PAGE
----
“Did you hear?” I see on Twitter, or hear at a party, on the breakfast radio show, on the news coming out of the UK every day, “they’re trying to get us to stop calling pregnant women mothers! They’re trying to cancel motherhood!” And I sigh and think, I should really do a comic about that, when I feel brave enough.

That’s this comic.

Changing the language you use when you’re talking about pregnancy and giving birth is easy – if you want an example, just read back through the How Baby archives! I started making this comic in 2014, before inclusive language had really caught on, but while I was already clearly struggling with gendered language and the expectations thereof. If a comic about motherhood can start using inclusive language, anyone can!

Mother isn’t a dirty word. I put a lot of work into earning an uneasy peace with the word, and also because motherhood – raising a kid while being largely read as a woman, whether I like it or not – is a key facet of who I am and my role as a parent, and how I move through and interact with the world.

One of the recurring themes of How Baby is the inherent tension of that experience, of how being a mother is a mask that becomes the only thing other people see in you. Everything people expect people who’ve given birth to be – natural, feminine strength, earthy, goddess-like, gentle, patient, organic, self-sacrificing, a woman, ultimately consumed by this powerful, fateful role – is projected on that mask, blocking out everything the person underneath actually is.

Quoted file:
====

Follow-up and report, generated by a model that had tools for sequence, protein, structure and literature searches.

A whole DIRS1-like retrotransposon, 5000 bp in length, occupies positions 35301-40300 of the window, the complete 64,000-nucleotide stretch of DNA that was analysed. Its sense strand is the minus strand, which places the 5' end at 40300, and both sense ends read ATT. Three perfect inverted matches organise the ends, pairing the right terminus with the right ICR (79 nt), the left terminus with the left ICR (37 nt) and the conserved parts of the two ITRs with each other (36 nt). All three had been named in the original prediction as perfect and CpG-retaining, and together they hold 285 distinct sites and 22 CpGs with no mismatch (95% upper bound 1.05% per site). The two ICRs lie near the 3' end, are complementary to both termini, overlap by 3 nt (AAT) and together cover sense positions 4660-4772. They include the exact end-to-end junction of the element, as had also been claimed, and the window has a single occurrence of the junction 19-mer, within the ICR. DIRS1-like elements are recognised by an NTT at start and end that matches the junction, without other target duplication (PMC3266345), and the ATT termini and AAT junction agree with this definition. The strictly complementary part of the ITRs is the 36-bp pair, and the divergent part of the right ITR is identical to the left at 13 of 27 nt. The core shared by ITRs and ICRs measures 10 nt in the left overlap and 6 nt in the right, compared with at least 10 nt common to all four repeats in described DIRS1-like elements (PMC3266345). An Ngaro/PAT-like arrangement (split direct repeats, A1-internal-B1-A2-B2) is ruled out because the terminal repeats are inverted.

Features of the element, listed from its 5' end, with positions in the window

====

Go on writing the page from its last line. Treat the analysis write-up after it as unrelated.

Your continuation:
Inclusive language doesn’t exclude anyone, and it doesn’t disrespect the powerful, sacred, necessary, often thankless work of motherhood. It only opens up the conversation – and the support – to people who are doing the same work but under a different name.

It’s wild to hear the argument that inclusive language “erases” motherhood, or whatever the transphobes are saying these days. It’s right there in the word. Sure, there are times when you’re only talking about women, but on the whole? If you’re talking about people experiencing pregnancy-adjacent things? Inclusive language is almost always better.

So, that’s my piece. I’m just adding my voice to the chorus asking for more deliberate language, and sending this comic out into the world – maybe it’ll help someone in your life understand, too.

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